California Mental Health Helpline supports the advancement of research as well as the increased coverage of mental health issues in the news and local events. We strive to keep this stream of updates available to those who wish to keep up and learn more about personal experiences in the field as well. We also hope this information is able to inspire, inform and help readers.

For additional resources, please contact California Mental Health Helpline online or at 855-559-3923.

Understanding the role of genetics in developing schizophrenia

Understanding the role of genetics in developing schizophrenia

For long, it has been one of the biggest challenges to cure medical disorders like schizophrenia due to the paucity of information, restricting them to only alleviating the symptoms of the problem. Therefore, scientists have been lately focusing a lot on finding the biological and genetic risk factors of schizophrenia and other complicated mental disorders to ensure effective treatment by identifying the target areas. Read more

Recurring head injuries in contact sports may prove costly for players’ mental health

Recurring head injuries in contact sports may prove costly for players’ mental health

The ardent football fans are waiting with bated breath for the commencement of the National Football League (NFL) in Mar. 2018 and wish earnestly for their favourite team to win the tournament. On the other hand, some  people are anxious to see their favourites players play safe and make it to the end of the season unharmed. These include the player’s parents, spouses, children and all dear ones. Despite being a source of entertainment and livelihood, sports can turn into a game of life and death. As a result, the relatives and loved ones of the football players keep biting their nails every time they go out to play due to the constant danger of taking another deadly hit to their head. Read more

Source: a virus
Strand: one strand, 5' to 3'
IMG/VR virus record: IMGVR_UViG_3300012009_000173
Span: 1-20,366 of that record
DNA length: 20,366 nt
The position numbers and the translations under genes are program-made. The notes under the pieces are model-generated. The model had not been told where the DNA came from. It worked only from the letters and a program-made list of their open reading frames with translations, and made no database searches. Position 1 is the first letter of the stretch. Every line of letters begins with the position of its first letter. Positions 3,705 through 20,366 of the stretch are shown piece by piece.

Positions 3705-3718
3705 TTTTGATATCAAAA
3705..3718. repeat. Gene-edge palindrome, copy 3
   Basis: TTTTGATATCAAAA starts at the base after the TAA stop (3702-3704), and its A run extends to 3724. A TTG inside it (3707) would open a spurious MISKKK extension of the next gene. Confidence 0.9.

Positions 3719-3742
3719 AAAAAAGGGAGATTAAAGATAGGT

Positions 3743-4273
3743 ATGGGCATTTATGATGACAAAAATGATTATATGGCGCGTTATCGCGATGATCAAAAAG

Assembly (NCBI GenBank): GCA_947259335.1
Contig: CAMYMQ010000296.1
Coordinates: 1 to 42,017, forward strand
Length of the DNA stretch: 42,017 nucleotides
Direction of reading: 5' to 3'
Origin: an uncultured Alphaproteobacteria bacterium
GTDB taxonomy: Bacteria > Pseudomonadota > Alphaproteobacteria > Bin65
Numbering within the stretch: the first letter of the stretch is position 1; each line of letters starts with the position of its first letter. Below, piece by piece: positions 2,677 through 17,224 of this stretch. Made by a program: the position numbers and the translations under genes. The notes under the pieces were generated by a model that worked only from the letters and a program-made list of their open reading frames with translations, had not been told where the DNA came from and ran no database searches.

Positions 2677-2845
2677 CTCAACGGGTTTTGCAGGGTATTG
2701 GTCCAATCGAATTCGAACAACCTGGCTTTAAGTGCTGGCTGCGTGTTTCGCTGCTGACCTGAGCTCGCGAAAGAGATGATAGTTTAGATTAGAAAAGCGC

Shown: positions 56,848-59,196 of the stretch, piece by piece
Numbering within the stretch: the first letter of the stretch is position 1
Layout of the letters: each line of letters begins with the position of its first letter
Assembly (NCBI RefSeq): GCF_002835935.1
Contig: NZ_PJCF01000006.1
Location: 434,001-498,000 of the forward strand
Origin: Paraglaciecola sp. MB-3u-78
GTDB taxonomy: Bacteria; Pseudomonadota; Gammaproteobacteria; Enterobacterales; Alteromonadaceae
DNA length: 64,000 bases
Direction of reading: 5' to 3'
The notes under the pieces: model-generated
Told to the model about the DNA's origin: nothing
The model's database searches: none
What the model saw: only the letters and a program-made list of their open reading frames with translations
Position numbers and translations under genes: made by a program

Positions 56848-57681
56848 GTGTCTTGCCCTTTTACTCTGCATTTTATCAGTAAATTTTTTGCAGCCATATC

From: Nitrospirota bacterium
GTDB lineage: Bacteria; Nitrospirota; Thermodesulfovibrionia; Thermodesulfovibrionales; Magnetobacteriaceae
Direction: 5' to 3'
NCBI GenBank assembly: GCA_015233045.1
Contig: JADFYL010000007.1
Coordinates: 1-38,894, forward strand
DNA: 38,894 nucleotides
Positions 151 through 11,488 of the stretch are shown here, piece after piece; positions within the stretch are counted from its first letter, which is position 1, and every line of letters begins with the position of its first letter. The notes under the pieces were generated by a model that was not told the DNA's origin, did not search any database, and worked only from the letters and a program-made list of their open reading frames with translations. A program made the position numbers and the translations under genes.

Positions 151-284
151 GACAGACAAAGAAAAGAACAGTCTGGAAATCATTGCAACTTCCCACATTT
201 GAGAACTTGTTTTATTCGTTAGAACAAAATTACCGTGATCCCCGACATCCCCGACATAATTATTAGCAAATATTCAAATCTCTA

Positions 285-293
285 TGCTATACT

Charity using MDMA for PTSD treatment receives $4m from Bitcoin investor

Charity using MDMA for PTSD treatment receives $4m from Bitcoin investor

Ever since German chemist Anton Köllisch synthesized it in 1912, to control abnormal bleeding,  3, 4-methylenedioxy-methamphetamine or MDMA has come a long way. Commonly abused in dance parties, concerts and music festivals since 1970-80s, MDMA is now classified as a Schedule I substance due to its high potential for abuse with no medicinal use. The drug, also popularly known as Molly or ecstasy is categorized as a hallucinogen along with LSD and other drugs. The 2016 annual survey of National Institute on Drug Abuse (NIDA) on teen drug use reported that 2.7 percent of 12th graders, 1.8 percent of 10th graders, and one percent of 8th graders were past year MDMA users with males living in the city being the highest consumers. Read more

Music helpful in reducing symptoms of postpartum depression in new mothers, says study

Music helpful in reducing symptoms of postpartum depression in new mothers, says study

Music has the magical powers to heal pain, mend a broken soul, change the mood and transcend the soul from one realm to another. Listening to tunes and beats of music can be soothing for the nerves, releasing stress and stimulating the body. Moreover, music helps a person in recuperating from the torments of life. Given the above advantages of music, it has been viewed as one of the effective remedial measures for people suffering chronic diseases, especially psychiatric disorders like depression and anxiety disorders. Read more

Study suggests definite link between parents’ behavior and suicidal thoughts in teens

Study suggests definite link between parents’ behavior and suicidal thoughts in teens

Suicide is one of the leading causes of death among teenagers, but it is still difficult to predict exactly what may trigger the suicidal thoughts. Often factors such as an existing mental illness, loneliness, bullying, exposure to violence or trauma, inability to cope with stress or a family history of suicide are cited as some of the leading causes, but the basic parental behavior is often left ignored. Read more